3.

Something that a lot of co-anglers will fail to admit is that the boaters you draw really do play a large role in the success of your day. I am not here to bash any boater I have ever had or to sound like a whining back boater. After fishing the BFLs for four full seasons, I have seen the good and the bad. One thing that often gets me is the failure to give the co-angler equal casting opportunities, the most obvious being bed fishing and fishing shallow, skinny creeks. Luckily I have experienced many great days as a co-angler, but for someone just getting into the sport, it is a true deterrent from coming back. It’s the luck of the draw and I don’t have a clear solution to this issue, other than to say these scenarios are where dreams go to die.

4.

Distractions off the water can play a large role in your mental state on the water. This year I didn’t fish with a clear head at times and between that and a loss of some confidence, I felt as though I wasn’t in the zone as I have been in the past. Both financial concerns and a lack of fishing opportunities between events lead to some loss of focus. It is my hope that by next season a fresh slate will help to alleviate some of these outside pressures.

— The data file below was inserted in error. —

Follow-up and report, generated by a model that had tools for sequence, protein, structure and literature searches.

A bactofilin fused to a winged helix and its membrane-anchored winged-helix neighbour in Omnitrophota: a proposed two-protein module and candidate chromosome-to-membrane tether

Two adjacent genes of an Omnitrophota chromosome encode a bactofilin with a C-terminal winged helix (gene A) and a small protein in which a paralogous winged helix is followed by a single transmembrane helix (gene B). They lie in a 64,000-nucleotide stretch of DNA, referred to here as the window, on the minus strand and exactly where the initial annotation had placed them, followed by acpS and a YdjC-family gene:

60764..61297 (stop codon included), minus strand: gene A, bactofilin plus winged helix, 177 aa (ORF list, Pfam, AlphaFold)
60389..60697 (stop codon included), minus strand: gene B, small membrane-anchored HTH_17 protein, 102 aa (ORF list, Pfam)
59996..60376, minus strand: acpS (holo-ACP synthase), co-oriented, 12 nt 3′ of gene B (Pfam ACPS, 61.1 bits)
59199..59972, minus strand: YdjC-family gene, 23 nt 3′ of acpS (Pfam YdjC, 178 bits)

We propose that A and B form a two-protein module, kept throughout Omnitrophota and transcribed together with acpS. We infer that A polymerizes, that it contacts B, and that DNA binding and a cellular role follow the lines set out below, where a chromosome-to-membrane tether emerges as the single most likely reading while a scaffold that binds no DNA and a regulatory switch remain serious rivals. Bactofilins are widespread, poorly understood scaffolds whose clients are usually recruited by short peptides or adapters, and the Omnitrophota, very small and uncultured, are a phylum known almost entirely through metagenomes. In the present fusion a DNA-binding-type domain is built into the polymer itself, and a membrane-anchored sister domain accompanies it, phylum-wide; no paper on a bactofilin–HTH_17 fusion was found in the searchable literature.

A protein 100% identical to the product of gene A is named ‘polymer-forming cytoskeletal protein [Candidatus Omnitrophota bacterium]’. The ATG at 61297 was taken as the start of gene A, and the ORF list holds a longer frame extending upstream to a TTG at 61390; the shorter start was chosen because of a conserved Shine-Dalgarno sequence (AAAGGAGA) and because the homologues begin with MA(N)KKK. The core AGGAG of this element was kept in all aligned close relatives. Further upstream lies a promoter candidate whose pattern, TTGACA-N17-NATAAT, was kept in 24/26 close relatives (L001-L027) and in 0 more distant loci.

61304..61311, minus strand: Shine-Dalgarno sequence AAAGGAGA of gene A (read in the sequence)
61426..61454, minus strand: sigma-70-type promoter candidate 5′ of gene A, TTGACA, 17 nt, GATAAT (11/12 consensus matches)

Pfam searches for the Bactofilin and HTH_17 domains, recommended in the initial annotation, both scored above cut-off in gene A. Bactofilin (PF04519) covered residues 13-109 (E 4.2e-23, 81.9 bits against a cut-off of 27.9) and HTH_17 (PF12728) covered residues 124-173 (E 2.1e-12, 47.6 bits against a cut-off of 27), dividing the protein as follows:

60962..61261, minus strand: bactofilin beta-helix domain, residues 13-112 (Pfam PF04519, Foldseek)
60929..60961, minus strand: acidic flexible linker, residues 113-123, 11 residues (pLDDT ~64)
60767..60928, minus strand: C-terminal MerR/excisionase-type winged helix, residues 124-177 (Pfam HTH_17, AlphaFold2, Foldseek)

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At the end of the season I often experience a sense of relief for a short period of time. We often put an incredible amount of pressure on ourselves as anglers to preform to the best of out abilities, and when things don’t go the way we had envisioned it could be a true crush to our psyche. When the season ends, even if the pain may hang around, it is an opportunity to regroup and get back to simply fun fishing without the pressures of filling the livewell. Getting into the woods is another way I cure the bass fishing blues, and I look forward to another trip to West Virginia in October, and a few days of open firearms season here in Virginia. There’s no doubt that the downtime will be good more me, and before we know it, the 2017 season will soon be upon us once again!